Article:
The EEZ regime in northeast Asia: Legal status of the EEZ and military activities in the EEZ

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One of the most controversial issues during the UN Conference on the Law of the Sea was to determine the legal status of the EEZ. The first view envisaged the zone as an extension of the territorial sea, where the coastal states would enjoy sovereignty with certain exceptions. The second view considered the zone to have the high seas status with certain modifications. The third view held that the EEZ was a sui generis zone with its own legal status. The first view was presented by several Latin American states. The second view reflected the concerns of Maritime Powers. The 1982 UN Convention stipulated broad jurisdiction and sovereign rights of coastal states as well as certain freedoms and duties of other states in the EEZ. Considering the general trend in the UN Conference and the relative articles of the Convention, it would be reasonable to regard the EEZ as a separate functional zone of a sui generis character, situated between the territorial sea and the high seas. It remains to be seen whether an agreement on the issue is reached by accumulation of state practice. Korea, China and Japan established the EEZ regime in the late 1990s. But they did not agree on the final maritime boundary delimitation. Instead, they concluded three bilateral fisheries agreements establishing several intermediate zones in the overlapping EEZ. As Korea, China and Japan take different stances on the EEZ, conflicts over military activities or marine scientific research in the EEZ make it more difficult for them to delimit maritime boundaries. Therefore, many agreements have yet to be reached on maritime boundaries relating to the EEZ or legal status of the EEZ among the coastal states in the region. The coastal states should manage and control the EEZ regime under those circumstances. This paper examines how the EEZ discourse could evolve in Northeast Asia in the future. It will begin with an overview of the legal status of the EEZ, followed by commentary on the EEZ regime in the domestic laws of coastal states concerned, and related issues. It provides interpretations on the relevant articles of the Convention as well as EEZ-related state practice.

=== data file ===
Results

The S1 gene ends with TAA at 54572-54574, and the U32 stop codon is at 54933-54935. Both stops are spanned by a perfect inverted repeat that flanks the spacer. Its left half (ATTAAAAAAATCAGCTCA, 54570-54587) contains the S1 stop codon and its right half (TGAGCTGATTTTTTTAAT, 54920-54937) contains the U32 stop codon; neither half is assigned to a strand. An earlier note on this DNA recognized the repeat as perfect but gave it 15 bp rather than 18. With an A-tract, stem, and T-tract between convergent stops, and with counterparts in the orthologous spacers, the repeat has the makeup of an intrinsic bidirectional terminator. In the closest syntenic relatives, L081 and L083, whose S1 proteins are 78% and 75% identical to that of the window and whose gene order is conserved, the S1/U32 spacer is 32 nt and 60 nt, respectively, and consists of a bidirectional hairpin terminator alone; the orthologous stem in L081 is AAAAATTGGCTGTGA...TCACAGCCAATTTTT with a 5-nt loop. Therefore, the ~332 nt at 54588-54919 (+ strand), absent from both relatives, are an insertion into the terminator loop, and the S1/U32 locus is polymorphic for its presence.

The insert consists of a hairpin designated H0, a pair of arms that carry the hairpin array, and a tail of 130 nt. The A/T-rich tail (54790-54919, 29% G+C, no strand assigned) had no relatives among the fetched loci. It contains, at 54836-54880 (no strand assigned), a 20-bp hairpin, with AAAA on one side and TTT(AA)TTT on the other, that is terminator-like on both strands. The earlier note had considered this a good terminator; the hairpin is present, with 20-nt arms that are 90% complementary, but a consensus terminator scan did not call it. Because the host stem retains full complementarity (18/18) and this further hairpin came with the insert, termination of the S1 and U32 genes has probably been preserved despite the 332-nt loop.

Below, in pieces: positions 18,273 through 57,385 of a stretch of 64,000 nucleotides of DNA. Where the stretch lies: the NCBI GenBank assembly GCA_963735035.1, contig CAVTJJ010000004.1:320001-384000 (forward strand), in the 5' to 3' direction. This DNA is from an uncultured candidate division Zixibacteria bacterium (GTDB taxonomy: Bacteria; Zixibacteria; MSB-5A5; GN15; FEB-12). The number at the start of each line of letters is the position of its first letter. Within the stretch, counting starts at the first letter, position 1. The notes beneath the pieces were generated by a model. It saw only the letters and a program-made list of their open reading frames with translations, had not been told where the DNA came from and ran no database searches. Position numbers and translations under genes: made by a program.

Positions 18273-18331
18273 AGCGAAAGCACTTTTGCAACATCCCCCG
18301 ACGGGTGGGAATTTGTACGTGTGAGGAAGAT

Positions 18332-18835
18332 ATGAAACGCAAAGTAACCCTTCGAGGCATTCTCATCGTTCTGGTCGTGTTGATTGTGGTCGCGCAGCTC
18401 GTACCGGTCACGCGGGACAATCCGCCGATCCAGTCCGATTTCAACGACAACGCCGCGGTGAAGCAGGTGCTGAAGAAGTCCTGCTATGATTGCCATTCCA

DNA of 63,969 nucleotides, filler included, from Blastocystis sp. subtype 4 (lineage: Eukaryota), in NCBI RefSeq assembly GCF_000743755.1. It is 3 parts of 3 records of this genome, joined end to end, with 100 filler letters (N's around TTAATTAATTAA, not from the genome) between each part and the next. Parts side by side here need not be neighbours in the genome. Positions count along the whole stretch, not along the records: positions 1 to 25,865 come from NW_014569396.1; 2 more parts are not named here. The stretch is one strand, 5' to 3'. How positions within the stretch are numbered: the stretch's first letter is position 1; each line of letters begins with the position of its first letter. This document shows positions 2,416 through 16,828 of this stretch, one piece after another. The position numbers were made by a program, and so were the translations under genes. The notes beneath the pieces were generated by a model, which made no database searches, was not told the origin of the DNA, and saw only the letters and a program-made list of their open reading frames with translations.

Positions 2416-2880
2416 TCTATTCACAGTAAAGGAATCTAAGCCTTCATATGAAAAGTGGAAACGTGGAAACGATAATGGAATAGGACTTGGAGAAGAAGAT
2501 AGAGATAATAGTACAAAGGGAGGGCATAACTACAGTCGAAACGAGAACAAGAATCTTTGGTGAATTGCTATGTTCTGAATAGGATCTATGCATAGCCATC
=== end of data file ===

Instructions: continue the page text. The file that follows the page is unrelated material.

Original languageEnglish
Pages (from-to)67-83
Number of pages17
JournalKorean Journal of Defense Analysis
Issue number1
StatePublished - 1 Mar 2016


  • Boundary delimitation
  • EEZ
  • MSR
  • Military activities


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